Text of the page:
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INTRODUCTION

The maritime sector in Nigeria comprises of ports, shipping, dockyards, Inland Water Transport (IWT) and all marine related activities. It caters for the bulk of Nigeria's trade and investment through import and exchange of commodities which is critical for the economic development of the country. It also influences the pace, structure and pattern of development.

Recently, there has been a surge of concern about maritime safety and security, with particular focus on the danger that insecurity of the seas poses to Nigerian commerce and the country's peace and stability. The quest for peaceful trade and movement over the water ways, adequate security, stability and development in the Nigerian maritime sector is of paramount importance. Up until 2009, members of the Movement for the Emancipation of the Niger Delta, MEND, were a torn in the flesh of the government as they repeatedly blew up oil installations located in the Niger Delta. Their activities were brought to an end after the Government of President Yaradua instituted the Amnesty program, but in 2016, a resurgence of these militant activities has been observed with the activities of Niger Delta Avengers threatening to grind economic activities of the Nigerian state to a halt. The contributions of globalization to the spread of weapons of mass destruction are alarming. Advancing technology coupled with the global spread of ideas and technologies has made it easier for states and even groups with resources to access critical knowledge, materials and technologies, pursue the acquisition of weapons of mass destruction: biological, chemical or nuclear (Obahighbon, 2010). ICT, Globalization and Maritime Piracy in Contemporary Africa. The resurgence of maritime piracy in contemporary Africa constitutes another major security challenge to the continent's security. Maritime piracy has no doubt inflicted very profound economic, political, social and strategic consequences on the continent and it peoples that it threatens the entire fabric and ramifications of the continent's security architecture. The bewildering increase in the number of the incidences of maritime piracy is unquantifiable as the damage done to the continent's peace, stability, prosperity, development, environmental, investment, revenue, humanitarian, commercial, energy, and food security terms is colossal (Uadiale and Yonmo, 2010a). Accelerated globalization, which as a consequence has intensified and increased global commerce, as well as the Africa's states' failure to fulfill its quintessential traditional role and function of security provisions has impacted negatively upon maritime security, and consequently, resulting in the midwife of the phenomenon, of maritime piracy.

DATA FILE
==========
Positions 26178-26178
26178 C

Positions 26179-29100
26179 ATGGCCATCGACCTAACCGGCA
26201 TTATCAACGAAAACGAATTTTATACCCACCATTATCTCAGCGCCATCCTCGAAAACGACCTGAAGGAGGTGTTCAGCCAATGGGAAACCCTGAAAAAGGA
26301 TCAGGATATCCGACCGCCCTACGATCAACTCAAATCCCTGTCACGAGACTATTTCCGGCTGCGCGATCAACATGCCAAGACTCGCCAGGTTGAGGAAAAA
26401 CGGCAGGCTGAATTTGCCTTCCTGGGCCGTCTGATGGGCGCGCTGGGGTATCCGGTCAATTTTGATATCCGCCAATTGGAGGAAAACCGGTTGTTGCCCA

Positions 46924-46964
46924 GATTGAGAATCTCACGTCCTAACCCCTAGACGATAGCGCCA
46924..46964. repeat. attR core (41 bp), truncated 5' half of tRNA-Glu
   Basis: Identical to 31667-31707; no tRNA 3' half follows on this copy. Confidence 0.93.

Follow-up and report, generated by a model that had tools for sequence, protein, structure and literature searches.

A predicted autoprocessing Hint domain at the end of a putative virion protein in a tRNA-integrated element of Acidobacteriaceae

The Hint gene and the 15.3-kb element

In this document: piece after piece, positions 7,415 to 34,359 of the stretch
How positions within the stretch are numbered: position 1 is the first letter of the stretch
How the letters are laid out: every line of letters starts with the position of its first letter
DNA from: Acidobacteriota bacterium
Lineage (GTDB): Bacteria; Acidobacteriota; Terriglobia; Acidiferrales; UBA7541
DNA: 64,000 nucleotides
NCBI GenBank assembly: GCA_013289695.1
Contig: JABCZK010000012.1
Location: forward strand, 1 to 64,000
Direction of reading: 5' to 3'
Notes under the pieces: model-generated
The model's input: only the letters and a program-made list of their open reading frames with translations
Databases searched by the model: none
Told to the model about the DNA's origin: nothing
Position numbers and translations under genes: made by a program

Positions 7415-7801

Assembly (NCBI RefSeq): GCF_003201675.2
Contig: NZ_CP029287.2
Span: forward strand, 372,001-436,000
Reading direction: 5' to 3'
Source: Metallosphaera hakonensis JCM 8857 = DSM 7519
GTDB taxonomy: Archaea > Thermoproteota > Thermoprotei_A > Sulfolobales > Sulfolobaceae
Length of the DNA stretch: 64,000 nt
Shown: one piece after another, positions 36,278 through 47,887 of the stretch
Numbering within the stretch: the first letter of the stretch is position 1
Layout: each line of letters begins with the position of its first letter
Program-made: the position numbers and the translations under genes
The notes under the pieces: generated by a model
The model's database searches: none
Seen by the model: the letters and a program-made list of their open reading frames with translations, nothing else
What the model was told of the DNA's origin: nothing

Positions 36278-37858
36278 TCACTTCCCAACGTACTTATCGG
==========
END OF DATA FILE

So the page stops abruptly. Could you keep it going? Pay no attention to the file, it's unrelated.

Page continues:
STATEMENT OF THE PROBLEM

Maritime transport which is also called water borne transport is one of the modes of transportation of goods and /or persons, which has for centuries been the main prerequisite for trade transactions between nations and regions, and has without doubt, played an important role in creating economic development and prosperity(Igbokwe, 2001). The maritime industry occupies a very prominent position in the economies of nations all over the world. The industry in its strict sense embraces all business activities which take place within the maritime environment. These includes offshore economic activities such as fishing, salvage, towage, underwater resource exploitation/extraction, and onshore economic activities in ports, shipping activities, ship construction, repair and maintenance. Of all these, shipping stands out as the greatest boost to a nation’s economic growth and international status. This is because all other maritime activities revolve around shipping. The oil and gas sector, for instance depends on shipping, as it is the vehicle that drives it, enabling it to make all the difference in an economy. Due to the close link between shipping activities and economic development, most nations cannot afford to toy with the industry. It is in view of this that the researcher decide to investigate the use of ICT in maritime industry.

OBJECTIVE OF THE STUDY

The main objective of this study is to ascertain the effect of the use of ICT in the maritime industry in Nigeria. But for the successful completion of the study, the researcher put forward the following sub-objectives;

i)             To  identify the architecture of the ICT used in d maritime industry

ii)           To highlight the areas of maritime industry in which ICT has been deployed

iii)          To examine the impact of ICT by comparing the pre-ICT and post-ICT period.

iv)         To do cost benefit analysis of the introduction and use of ICT in the industry

RESEARCH DESIGN AND METHODOLOGY